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In a recent webinar, Mambu's Kunal Galav, Global Head of Partnerships Development sat down with Miguel Amaro, Partner, Deloitte, to answer some of the most frequently asked questions from global financial institutions on composable banking.

This is an edited transcript of the conversation which you can watch on demand.

What are the prerequisites for composability?

Kunal Galav:
Great question Susan. Really simply, at first there needs to be the appetite to have modern technology infrastructure in your bank. This is going to be driven by the desire for a solution which offers a fast time to market, low cost, well managed risk, brilliant customer experience and high scalability.

Miguel Amaro: From a business perspective, it’s about agility. Those who choose to adopt composable banking want to achieve something specific – such as launching products to market faster. Composable banking is an enabler for agility: without all the complexities of developing customised solutions.

Kunal Galav: I agree, agility is key. If you read investor profiles to get a sense of what banks are trying to achieve, across the board it's all about agility to keep up with the pace of change. Composability is an enabler.

How does composable compare to open banking and Business Process as a Service (BPaaS) offerings?

Kunal Galav
: If you think about the open banking Business Process as a Service (BPaaS) offering, their success is dependent on flexible architectures, quick time to market, and the ability for banks to configure easily and then reconfigure as many times as needed. Composable banking platforms like Mambu are a key enabler to making this happen.

Miguel Amaro: The introduction of the second Payment Services Directive (PSD2), the European regulation for electronic payment services and payment service providers for the European Union, boosted innovation and helped banks adapt to new technological developments. It promoted a mindset change by opening the bank up to outside opportunities to execute certain capabilities – so once again, composable is an enabler.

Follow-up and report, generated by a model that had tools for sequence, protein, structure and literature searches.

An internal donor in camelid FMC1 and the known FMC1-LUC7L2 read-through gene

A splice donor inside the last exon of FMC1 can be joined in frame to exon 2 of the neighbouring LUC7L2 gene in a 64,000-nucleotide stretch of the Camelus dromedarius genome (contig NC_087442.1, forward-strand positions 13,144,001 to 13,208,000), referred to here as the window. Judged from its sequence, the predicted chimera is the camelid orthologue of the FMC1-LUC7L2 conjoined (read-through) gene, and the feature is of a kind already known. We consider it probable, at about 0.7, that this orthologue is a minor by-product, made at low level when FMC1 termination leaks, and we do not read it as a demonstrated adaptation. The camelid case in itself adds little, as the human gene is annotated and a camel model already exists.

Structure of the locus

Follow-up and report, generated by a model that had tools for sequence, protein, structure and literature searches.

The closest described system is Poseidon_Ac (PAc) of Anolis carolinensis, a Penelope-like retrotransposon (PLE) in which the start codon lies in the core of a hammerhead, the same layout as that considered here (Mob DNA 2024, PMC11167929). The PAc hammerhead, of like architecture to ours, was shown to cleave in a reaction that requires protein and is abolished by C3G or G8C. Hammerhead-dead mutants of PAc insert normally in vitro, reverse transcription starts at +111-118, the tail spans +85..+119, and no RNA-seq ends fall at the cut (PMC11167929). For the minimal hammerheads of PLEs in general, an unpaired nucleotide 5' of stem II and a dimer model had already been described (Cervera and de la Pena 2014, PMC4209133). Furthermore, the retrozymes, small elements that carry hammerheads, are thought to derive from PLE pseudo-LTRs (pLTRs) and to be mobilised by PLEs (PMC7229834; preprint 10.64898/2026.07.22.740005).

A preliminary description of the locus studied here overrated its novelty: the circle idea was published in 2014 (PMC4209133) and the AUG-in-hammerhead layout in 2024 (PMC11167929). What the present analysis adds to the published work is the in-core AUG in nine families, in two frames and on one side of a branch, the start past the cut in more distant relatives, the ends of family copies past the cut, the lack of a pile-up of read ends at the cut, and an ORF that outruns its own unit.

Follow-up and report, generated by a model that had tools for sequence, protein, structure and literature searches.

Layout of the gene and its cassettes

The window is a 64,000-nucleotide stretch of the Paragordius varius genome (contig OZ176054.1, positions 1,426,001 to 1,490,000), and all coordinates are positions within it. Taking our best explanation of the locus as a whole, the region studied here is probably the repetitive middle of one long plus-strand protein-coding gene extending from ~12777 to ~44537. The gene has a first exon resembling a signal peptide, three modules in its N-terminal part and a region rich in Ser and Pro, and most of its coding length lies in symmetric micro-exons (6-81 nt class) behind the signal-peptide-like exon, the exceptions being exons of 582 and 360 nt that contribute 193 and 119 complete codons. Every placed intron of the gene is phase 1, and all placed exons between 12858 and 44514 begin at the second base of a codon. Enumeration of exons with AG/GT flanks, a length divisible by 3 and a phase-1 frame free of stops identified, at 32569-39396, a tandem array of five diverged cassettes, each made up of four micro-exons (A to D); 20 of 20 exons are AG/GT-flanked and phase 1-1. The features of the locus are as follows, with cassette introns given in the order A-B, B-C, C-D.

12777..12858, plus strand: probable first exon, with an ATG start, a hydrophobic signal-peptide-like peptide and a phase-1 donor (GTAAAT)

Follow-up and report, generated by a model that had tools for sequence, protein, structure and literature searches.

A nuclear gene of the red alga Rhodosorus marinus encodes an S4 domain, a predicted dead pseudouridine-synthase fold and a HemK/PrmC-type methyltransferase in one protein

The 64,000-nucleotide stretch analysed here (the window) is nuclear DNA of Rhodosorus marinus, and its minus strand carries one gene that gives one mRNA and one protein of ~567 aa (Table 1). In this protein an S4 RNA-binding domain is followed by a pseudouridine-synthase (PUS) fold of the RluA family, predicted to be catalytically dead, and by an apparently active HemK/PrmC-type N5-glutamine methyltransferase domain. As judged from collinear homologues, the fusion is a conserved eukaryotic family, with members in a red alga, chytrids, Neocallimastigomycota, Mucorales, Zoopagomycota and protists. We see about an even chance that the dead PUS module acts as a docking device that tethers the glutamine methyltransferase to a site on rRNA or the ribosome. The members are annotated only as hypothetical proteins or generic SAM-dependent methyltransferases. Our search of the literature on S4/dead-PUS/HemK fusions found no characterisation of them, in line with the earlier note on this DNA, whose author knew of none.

Kunal Galav: There are two ways to look at any regulatory activity. Either it's a big compliance cost or it's an innovation opportunity. Composable makes it an innovation opportunity. That's the bottom line.

What recommendations and best practices should we use to migrate to a composable architecture from a monolithic architecture?

Amaro: There are three key best practices to help migrate your solution from a monolithic architecture to a composable solution.

Firstly, you should start by designing a detailed capability map which covers different solutions and helps to identify which are the best ones to apply. Some of these could cover more than one, others will just cover one capability.

Then, you need to design your integration layer to help you select the best options for that integration layer, which Mambu often refers to as the process orchestration tool, which acts as the middle layer between different business systems.

Finally, you need to establish a very strong governance model. You need to lay down the rule that the products that you will licence to implement will be used with a perspective of adopting and not adapting these products, making use of the out-of-the-box solution.

By adopting these baseline design principles and configuring the solutions, respecting what they have to offer and making use of their capabilities, you’ll de-risk the project, reduce future tech debt and do a great job.

What are the functional components / architecture of a composable bank?

Kunal Galav
:  I may be oversimplifying it here and it does in some instances depend on the user case, but at a basic level, you’ll need:

  • A front end so customers can engage with the bank
  • Regulatory reporting
  • Know Your Customer (KYC)
  • Sanctions
  • Financial crime engine
  • Customer relationship management
  • A calculation engine
  • Payment integration

These are the major building blocks, but it does depend on the use case. For example, for mortgages you’re likely to need a collateral management component – but it’s not the case for unsecured lending.

What is the time to market average for a composable banking set up?

Miguel Amaro
: It really depends on whether you are implementing a new greenfield bank and then it depends on the number of products, level of complexity, number of integrations and whether migration is needed. All of these will dictate the speed to market but it is possible to go-live within 12 months.

This is an edited transcript of the Composable Banking FAQs webinar with Deloitte and Mambu, where we dispel some of the myths around composable banking and answer the most frequently asked questions. Click here to watch the full webinar on demand.

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